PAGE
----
The prolonged pandemic shed millions of jobs and shuttered thousands of businesses, such that employment gains amid economic reopening remained below pre-pandemic levels. It did not help that the most vulnerable sectors like the poor, women, and youth had more difficulty finding stable jobs and settled for informal work due to skills mismatch.
Moody’s said COVID-19 mutations pose risk to tourism-dependent countries like the Philippines; it also did not help that the region’s manufacturing sector was vulnerable to the evolving disease.
“COVID-19-related disruption in the Asean-5 countries (Indonesia, Malaysia, the Philippines, Thailand, and Vietnam) may put further pressure on already stretched global supply chains as new virus outbreaks in the region result in temporary disruptions to labor force mobility and availability,” Moody’s said.
As for Capital Economics, “lackluster fiscal support means that the Philippines will experience the slowest recovery from the pandemic in Asia.”
While the London-based think tank deemed that “the Omicron wave is unlikely to have as large an economic impact as previous virus waves,” the Philippine economy was “likely to suffer significant long-term damage from the pandemic.”
“A sharp rise in virus cases has probably put the brakes on the recovery. While overall vaccination levels are relatively low, the economically-important cities have high coverage. The restrictions that have been brought in so far are much less stringent than those during previous waves. Our assumption is that the government will continue with its light-touch approach to Omicron. Overall, the recovery is more likely to stall than slip into reverse. It should get back on track in the second quarter,” Capital Economics said in a January 25 report.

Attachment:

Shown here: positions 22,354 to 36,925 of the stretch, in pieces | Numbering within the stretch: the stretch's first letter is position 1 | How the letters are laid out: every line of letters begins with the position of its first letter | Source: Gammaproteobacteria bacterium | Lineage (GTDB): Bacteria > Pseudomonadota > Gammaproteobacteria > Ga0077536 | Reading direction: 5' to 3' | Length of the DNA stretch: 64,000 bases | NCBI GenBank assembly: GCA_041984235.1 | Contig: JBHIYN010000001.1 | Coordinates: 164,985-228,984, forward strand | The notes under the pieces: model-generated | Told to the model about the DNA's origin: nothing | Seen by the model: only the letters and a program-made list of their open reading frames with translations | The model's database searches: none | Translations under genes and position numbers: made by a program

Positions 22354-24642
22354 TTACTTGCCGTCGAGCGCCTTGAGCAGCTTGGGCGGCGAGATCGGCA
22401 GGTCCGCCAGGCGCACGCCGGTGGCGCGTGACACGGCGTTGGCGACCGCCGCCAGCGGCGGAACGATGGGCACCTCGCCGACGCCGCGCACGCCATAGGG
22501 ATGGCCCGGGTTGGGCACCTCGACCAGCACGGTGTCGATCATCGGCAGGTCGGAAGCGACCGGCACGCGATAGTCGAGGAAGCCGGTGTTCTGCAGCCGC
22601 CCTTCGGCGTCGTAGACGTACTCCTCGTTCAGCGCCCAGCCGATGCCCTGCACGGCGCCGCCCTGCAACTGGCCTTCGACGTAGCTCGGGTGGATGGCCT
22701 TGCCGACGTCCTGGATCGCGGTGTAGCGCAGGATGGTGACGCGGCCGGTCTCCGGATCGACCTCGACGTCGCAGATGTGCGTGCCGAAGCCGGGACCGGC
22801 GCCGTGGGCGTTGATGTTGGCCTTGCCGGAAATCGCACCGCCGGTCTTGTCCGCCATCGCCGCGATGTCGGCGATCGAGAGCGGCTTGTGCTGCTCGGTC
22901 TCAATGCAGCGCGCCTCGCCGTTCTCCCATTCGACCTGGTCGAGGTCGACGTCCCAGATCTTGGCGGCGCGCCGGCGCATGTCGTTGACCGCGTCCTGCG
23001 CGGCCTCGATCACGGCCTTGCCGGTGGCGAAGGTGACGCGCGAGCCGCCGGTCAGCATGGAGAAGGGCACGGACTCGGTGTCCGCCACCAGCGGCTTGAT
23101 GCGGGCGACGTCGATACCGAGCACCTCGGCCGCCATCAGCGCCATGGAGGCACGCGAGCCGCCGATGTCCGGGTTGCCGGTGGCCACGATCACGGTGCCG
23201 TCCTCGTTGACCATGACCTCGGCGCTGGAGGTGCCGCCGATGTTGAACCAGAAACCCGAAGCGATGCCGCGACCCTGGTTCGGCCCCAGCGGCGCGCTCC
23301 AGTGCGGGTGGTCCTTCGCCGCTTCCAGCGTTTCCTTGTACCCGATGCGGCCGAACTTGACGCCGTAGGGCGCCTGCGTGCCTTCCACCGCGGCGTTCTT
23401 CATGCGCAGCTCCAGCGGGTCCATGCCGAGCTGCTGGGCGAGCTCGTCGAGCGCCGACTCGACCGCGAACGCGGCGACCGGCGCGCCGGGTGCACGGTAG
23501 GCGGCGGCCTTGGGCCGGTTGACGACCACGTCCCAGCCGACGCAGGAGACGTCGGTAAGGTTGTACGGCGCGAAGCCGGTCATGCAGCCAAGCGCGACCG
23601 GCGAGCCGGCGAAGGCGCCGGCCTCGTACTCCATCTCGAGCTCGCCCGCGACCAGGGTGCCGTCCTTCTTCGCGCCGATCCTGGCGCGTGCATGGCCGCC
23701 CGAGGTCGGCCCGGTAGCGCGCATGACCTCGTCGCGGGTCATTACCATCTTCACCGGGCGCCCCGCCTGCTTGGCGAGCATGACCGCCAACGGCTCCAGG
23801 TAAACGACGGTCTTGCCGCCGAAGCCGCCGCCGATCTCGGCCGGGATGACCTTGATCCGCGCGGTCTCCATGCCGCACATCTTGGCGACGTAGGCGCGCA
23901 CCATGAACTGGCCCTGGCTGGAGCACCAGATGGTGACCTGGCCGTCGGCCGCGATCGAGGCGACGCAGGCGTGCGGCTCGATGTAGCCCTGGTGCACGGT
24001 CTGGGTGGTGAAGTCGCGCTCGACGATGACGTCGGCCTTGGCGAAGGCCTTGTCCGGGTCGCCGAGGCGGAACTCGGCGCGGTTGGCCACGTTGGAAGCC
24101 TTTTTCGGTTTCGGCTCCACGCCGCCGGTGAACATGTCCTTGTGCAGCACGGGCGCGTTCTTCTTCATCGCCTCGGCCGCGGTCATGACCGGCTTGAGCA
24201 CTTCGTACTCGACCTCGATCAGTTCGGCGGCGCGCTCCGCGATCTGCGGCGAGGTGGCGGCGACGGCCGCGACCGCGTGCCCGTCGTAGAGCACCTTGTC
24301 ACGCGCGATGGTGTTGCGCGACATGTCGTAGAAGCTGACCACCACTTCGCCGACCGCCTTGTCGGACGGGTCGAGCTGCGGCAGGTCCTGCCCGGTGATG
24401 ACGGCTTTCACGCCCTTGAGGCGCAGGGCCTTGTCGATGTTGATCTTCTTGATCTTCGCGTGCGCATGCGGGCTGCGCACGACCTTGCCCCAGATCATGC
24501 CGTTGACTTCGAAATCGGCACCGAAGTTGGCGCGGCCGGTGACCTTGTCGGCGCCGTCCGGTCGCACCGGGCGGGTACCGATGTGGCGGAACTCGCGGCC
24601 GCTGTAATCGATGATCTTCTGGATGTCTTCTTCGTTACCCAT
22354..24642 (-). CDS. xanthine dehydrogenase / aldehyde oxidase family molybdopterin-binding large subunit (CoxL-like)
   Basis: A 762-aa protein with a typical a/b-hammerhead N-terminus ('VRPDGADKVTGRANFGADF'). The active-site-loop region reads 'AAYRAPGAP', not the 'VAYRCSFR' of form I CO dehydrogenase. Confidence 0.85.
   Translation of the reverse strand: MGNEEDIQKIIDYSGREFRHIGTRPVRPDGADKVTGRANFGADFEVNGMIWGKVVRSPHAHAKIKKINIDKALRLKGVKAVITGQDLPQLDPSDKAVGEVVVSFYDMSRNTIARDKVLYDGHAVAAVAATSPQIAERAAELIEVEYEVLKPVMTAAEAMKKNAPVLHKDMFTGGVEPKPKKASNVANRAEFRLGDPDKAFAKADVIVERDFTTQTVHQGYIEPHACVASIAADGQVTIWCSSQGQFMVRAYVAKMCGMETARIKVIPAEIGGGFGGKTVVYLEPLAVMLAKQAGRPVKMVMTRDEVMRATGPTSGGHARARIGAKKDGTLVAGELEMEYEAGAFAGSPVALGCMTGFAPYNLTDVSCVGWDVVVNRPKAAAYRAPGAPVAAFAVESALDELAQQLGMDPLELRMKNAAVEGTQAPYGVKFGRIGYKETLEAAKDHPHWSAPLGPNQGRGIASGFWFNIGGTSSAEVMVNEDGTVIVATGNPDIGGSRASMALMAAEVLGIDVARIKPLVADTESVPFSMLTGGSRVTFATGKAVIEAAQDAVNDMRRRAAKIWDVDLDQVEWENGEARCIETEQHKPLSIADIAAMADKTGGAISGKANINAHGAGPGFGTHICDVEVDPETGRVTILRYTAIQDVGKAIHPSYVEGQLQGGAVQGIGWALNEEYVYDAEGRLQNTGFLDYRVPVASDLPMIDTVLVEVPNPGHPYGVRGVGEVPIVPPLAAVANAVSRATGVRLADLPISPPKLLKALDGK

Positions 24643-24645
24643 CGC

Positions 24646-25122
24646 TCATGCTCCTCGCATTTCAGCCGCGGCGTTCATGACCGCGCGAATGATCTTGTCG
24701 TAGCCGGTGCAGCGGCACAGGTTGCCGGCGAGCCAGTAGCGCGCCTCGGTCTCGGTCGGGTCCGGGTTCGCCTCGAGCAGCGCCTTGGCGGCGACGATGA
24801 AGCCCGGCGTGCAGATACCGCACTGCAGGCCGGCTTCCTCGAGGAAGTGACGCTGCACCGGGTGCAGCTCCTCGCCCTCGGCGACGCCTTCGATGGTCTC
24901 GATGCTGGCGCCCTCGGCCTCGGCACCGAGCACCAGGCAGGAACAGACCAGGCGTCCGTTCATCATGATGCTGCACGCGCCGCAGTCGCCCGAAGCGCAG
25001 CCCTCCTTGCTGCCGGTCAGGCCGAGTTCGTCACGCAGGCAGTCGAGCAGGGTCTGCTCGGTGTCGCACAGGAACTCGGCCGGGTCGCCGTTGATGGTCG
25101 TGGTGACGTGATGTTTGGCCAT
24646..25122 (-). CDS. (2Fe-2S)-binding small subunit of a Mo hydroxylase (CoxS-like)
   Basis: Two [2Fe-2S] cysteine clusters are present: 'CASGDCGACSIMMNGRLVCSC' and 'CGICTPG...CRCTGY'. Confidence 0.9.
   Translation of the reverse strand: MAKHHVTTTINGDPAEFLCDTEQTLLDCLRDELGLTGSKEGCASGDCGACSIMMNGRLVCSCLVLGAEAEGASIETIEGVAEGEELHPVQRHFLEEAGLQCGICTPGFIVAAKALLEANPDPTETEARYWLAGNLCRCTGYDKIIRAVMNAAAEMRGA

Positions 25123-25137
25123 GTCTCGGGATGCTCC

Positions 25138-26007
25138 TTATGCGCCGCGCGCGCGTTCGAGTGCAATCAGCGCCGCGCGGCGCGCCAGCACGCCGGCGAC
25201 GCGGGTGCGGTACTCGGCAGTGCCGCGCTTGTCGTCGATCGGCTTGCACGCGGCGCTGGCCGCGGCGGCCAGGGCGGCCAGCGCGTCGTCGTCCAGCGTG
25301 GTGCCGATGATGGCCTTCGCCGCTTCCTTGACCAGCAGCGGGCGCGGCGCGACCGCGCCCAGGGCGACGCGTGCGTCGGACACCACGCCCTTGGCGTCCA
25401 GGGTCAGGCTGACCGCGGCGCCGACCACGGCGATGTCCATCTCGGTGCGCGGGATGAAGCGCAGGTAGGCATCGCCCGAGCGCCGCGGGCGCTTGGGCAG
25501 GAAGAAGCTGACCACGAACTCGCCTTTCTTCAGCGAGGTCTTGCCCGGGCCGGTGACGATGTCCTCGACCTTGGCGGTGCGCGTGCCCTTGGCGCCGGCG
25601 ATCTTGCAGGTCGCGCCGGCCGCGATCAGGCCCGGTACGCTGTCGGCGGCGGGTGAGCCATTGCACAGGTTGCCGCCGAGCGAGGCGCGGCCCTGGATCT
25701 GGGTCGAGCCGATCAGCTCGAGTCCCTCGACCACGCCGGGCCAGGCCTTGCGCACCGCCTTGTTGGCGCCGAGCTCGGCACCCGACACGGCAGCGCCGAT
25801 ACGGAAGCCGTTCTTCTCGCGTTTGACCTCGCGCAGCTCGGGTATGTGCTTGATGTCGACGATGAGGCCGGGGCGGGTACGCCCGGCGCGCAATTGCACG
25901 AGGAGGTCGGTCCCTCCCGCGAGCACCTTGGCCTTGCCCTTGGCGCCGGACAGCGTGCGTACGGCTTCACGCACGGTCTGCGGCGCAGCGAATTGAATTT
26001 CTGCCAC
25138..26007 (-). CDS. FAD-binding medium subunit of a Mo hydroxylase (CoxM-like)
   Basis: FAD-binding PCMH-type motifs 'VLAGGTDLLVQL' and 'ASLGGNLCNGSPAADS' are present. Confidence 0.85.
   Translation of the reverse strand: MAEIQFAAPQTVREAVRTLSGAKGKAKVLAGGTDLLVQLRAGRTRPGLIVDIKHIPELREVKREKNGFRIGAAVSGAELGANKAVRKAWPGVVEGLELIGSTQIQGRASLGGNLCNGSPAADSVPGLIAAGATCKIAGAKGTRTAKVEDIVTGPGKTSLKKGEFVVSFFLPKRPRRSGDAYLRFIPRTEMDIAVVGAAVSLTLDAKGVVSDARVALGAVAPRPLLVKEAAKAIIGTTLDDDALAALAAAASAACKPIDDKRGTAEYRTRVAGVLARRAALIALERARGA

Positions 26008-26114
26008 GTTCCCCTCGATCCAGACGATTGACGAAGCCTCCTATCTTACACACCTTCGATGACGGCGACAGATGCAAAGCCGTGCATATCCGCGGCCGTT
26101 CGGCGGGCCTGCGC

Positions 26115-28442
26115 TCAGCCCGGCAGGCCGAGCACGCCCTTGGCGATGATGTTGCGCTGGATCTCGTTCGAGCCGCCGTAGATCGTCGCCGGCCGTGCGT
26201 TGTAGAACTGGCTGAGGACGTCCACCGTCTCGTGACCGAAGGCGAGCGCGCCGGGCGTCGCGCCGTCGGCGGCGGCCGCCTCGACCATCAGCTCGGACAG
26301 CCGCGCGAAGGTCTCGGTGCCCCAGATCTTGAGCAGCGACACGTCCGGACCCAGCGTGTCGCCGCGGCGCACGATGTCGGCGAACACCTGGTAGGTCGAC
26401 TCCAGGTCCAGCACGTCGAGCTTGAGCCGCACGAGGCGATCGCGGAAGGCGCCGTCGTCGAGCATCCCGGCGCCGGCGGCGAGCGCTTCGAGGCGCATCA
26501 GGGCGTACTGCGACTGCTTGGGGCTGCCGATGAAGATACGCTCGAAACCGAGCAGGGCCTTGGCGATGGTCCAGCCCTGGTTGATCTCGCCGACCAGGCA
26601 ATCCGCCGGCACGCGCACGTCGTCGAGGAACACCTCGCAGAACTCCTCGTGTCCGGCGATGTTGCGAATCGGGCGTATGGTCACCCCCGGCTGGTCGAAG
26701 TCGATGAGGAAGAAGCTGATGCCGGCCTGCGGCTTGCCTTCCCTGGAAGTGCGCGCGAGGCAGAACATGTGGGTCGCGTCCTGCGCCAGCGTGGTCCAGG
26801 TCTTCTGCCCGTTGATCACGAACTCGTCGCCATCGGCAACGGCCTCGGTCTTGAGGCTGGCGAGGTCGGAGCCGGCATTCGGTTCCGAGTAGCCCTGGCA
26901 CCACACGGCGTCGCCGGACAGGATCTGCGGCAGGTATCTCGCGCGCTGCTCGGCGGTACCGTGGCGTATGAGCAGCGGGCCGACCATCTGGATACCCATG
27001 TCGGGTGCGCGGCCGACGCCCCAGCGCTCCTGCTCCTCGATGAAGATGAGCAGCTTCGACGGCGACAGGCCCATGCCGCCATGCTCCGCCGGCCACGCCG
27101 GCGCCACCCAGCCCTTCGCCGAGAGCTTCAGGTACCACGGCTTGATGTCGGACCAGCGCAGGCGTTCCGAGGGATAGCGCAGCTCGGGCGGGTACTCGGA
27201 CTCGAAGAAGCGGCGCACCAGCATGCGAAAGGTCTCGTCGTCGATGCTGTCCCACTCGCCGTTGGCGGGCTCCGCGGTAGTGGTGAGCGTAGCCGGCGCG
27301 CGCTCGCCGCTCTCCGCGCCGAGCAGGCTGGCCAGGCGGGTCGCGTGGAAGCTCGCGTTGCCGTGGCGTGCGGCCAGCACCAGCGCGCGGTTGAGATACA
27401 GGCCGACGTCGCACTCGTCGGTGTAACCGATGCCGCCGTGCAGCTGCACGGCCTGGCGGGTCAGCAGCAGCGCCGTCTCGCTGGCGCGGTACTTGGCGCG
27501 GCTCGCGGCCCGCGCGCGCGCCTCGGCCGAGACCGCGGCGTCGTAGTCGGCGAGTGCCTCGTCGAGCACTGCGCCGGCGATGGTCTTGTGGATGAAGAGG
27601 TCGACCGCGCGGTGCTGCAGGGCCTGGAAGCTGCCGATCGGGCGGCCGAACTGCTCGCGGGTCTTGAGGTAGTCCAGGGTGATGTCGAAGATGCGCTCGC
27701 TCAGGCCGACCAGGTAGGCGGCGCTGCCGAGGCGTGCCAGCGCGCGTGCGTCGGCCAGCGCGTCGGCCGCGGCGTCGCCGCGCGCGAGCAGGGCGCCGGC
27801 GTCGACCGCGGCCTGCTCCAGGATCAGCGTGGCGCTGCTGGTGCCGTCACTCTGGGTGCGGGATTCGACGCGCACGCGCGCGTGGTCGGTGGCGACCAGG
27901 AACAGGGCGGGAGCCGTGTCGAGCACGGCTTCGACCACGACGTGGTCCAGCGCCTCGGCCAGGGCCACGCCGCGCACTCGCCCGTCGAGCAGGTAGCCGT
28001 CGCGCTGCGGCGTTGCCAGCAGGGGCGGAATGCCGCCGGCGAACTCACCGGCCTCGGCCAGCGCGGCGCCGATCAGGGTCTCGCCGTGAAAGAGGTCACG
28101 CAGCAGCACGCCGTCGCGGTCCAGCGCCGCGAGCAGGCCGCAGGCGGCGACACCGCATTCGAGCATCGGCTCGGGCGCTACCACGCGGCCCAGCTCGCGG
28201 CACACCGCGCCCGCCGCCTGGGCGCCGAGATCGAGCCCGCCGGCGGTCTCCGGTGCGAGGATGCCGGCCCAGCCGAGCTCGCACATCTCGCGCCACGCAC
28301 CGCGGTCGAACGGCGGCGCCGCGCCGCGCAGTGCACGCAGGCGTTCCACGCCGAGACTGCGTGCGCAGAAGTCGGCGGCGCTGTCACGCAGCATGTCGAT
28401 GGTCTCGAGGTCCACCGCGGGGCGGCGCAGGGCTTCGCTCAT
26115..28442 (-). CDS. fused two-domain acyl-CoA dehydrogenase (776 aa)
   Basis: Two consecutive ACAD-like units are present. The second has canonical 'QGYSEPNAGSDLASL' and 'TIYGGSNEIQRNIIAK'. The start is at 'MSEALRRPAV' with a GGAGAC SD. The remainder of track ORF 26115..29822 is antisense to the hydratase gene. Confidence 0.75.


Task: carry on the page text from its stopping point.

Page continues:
But for the long-term, Capital Economics said “business insolvencies, weaker household balance sheets, and labor market scarring all mean a large permanent hit to output.”
“Lack of fiscal support will have made these problems worse than elsewhere in the region, where stimulus measures have generally been more generous. We expect GDP to still be almost 12-percent below its pre-crisis trend by end-2023 – by far the biggest gap in the region,” it added.
Following a projected 5.3-percent GDP growth in 2021, Capital Economics expects the Philippine economy to expand by 8.5 percent this year, among the most optimistic forecasts.
A working paper released by the regional surveillance organization Asean+3 Macroeconomic Research Office (Amro) on Wednesday showed that the Philippines and Singapore’s potential vulnerability to risks from an exit from pandemic response policies was relatively lower compared to the rest of the region.
“The service sectors in the Philippines and Singapore serve as a counterweight to the strong concentration in their respective manufacturing sectors. The growth of the service sector in the Philippines comes from the robust business process outsourcing (BPO) and tourism industries, while Singapore’s service sector has expanded significantly, thanks to its early push toward digitalization and automation, which became an important advantage during the pandemic,” read Amro’s paper titled “COVID-19 Pandemic Policies: Assessing the Vulnerability of Asean+3 Economies to Exit Risks.”